Usain Bolt fired up for worlds despite his rivals' absence
Although three top sprinters will be missing in Moscow, Jamaican is focused on tasting victory
Usain Bolt is determined not to let the absence of some of his main rivals make him drop his guard as he tries to win back the 100 metres world title he lost two years ago.
Bolt, who retained his Olympic title last year, said after arriving in Moscow for the world championships that he was not worried he would repeat the nightmare of Daegu in 2011, when he was disqualified for a false start. "I went to the Olympics, and now I'm back - back to regain my title. I'm even more focused than last time. So I'm going to get it done," the Jamaican said ahead of the championships which begin on Saturday.
American Tyson Gay and Jamaican former world record holder Asafa Powell will not compete in Moscow after failing doping tests. Jamaican Yohan Blake will not defend his title because of a hamstring injury.
Bolt, who has won six Olympic gold medals and is the 100 metres world record holder, denied their absence would affect his own motivation, pointing out that he had won titles before when big rivals were not competing. "So for me I'm really motivated to go and show the world that even without nobody there, I can still win. So I'm focused, and I'm ready to go," he said.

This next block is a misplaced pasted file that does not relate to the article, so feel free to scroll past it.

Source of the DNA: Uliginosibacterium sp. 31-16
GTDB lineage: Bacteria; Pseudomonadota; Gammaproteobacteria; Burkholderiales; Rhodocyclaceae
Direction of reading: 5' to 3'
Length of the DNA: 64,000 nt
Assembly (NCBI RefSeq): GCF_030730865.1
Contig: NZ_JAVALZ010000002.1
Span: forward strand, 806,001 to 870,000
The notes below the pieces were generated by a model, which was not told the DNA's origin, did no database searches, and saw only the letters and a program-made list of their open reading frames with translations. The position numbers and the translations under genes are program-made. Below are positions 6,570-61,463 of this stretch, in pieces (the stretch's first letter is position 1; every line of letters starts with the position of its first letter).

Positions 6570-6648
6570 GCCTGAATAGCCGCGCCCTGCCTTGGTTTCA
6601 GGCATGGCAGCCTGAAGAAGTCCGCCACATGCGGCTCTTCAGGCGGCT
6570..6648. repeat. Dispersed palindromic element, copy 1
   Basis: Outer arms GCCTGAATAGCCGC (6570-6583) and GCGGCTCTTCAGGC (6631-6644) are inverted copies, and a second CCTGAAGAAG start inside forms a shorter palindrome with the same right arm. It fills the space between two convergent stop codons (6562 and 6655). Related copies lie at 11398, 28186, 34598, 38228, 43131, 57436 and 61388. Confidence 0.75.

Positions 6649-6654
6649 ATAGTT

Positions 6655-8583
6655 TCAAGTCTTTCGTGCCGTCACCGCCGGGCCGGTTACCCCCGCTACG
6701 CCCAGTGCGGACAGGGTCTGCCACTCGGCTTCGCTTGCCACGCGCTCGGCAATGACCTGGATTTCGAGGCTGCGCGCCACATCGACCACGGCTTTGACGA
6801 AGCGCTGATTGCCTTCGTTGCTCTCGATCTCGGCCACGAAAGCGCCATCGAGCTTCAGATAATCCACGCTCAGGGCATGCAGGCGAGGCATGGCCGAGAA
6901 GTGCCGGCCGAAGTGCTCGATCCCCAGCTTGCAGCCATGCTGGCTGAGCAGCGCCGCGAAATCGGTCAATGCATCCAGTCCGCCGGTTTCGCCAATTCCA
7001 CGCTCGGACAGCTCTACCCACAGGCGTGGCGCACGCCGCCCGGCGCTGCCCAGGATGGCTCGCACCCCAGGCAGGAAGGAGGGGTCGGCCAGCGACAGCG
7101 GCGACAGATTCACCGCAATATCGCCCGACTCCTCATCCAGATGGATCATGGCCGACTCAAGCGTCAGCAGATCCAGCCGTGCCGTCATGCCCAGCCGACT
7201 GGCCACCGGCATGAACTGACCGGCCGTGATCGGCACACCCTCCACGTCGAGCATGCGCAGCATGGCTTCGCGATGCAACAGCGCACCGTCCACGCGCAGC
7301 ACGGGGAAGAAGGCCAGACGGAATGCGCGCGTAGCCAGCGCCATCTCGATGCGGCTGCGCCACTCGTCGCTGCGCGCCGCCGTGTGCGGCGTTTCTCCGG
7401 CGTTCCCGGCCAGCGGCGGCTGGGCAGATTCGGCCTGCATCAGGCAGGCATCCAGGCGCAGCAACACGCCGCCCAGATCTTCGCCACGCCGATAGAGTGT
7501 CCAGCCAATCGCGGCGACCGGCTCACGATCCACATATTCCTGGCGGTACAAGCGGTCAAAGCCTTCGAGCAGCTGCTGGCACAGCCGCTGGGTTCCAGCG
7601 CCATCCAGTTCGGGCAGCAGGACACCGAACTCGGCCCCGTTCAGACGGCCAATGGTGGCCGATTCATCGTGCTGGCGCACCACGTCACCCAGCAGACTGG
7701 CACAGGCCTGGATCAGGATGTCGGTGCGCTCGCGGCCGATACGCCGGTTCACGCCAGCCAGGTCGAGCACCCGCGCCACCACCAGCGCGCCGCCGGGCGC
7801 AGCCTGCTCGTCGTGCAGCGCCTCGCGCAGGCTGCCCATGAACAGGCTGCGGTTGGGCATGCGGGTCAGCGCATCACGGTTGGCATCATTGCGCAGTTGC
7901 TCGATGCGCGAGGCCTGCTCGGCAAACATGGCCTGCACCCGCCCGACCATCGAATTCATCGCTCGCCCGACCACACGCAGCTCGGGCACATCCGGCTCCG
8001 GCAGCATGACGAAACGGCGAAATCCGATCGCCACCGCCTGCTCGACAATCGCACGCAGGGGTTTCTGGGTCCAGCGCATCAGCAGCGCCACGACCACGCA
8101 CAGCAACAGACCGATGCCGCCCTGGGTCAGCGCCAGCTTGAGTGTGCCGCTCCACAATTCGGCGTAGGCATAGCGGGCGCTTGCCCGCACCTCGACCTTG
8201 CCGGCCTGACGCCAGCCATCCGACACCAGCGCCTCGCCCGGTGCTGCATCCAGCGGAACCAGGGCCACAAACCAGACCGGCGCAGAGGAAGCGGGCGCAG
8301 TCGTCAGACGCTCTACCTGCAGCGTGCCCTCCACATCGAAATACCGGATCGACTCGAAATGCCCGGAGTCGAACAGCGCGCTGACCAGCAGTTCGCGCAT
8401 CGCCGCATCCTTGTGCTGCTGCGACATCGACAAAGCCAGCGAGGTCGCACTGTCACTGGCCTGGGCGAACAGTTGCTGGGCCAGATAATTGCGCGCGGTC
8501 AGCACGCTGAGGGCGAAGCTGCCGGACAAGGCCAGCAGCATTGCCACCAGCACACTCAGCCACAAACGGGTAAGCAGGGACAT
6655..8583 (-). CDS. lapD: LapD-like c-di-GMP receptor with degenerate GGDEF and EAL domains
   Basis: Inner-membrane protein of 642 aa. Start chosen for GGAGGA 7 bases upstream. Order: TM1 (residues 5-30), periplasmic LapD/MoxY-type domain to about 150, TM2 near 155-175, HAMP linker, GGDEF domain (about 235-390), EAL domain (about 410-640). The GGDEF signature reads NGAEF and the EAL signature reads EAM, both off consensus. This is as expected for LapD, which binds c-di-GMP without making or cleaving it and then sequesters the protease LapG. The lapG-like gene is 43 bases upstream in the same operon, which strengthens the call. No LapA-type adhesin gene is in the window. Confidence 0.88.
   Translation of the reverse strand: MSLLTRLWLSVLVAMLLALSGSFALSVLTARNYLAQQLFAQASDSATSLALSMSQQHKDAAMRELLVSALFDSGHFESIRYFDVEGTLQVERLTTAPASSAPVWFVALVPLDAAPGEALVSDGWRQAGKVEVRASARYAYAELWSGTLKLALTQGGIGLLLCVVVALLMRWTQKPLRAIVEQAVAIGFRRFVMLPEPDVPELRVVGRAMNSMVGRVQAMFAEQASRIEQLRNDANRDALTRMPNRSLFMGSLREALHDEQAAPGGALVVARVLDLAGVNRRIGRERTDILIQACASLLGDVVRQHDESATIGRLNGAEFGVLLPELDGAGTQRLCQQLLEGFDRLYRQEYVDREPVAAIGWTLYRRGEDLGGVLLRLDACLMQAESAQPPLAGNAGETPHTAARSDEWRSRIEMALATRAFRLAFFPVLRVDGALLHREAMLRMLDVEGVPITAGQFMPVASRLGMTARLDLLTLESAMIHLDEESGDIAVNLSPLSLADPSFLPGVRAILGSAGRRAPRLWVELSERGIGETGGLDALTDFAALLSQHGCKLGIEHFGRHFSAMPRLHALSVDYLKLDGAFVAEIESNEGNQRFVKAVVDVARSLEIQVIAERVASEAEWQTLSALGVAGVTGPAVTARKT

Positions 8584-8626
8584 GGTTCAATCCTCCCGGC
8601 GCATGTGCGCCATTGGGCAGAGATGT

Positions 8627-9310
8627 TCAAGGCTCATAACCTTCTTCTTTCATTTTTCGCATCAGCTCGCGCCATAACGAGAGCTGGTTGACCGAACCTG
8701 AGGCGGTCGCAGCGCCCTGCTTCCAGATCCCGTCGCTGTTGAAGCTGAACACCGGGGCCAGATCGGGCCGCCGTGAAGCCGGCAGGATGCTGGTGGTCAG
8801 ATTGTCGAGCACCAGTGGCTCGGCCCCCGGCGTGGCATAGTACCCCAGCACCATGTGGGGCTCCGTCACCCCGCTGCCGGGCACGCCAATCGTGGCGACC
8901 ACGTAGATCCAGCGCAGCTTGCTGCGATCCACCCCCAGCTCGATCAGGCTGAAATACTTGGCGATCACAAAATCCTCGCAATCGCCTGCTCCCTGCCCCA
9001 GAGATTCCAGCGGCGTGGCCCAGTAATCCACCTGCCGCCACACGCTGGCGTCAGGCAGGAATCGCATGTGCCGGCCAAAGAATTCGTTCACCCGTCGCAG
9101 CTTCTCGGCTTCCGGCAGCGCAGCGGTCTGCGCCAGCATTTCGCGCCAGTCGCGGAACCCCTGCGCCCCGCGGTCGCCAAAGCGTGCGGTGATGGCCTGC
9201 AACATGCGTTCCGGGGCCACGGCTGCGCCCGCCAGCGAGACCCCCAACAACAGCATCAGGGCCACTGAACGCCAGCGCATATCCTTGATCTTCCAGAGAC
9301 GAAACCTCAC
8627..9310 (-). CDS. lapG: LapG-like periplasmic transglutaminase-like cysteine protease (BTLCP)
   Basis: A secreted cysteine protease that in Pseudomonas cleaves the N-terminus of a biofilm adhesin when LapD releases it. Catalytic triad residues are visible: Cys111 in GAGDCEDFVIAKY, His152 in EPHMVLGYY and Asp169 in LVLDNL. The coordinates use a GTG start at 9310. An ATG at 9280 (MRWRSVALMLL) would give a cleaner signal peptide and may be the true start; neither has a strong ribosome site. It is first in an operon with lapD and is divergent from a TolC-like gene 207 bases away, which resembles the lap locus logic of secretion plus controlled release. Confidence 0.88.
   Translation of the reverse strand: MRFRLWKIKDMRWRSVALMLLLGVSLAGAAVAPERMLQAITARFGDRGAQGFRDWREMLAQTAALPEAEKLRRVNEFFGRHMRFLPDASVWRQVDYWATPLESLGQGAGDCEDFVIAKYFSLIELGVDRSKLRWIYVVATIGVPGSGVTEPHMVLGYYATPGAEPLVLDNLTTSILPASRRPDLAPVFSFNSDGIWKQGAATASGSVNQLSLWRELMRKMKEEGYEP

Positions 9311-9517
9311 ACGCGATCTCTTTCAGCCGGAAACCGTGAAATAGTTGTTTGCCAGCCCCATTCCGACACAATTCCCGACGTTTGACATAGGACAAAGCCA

Bolt, whose main rival for the 100 gold is likely to be American Justin Gatlin, made it clear that winning was his priority, not setting a new world record in Sunday's final. "I never predict times, because you never know, it might be like this, you know, overcast, and slightly chilly, or it might just be warm. You never know what can happen, so that's my focus, and that's what I'm going out there to do, and [to] prove to the world that I'm still a champion," he said.
Bolt, 26, looked relaxed as he performed a set with DJs at a Jamaican-themed party in the Puma Yard in Gorky Park in central Moscow.
He said he would not jump the gun by discussing the doping tests failed by Powell and Gay, saying the full details were not known: "So, I don't want to judge anybody until I hear the final [details]."
Bolt won 100, 200 and relay golds in the 2008 and 2012 Olympics. He won the 100 and 200 world titles in 2009 and held the 200 title in Daegu two years later.
He said he was open to a proposal by Mo Farah, Britain's Olympic 5,000 and 10,000 metres champion, to race each other over 600 metres. "We don't know if it will happen, but we'll definitely be thinking about it, to see if it possibly could fit in our schedules. So we'll definitely look into it and see what can happen," Bolt said.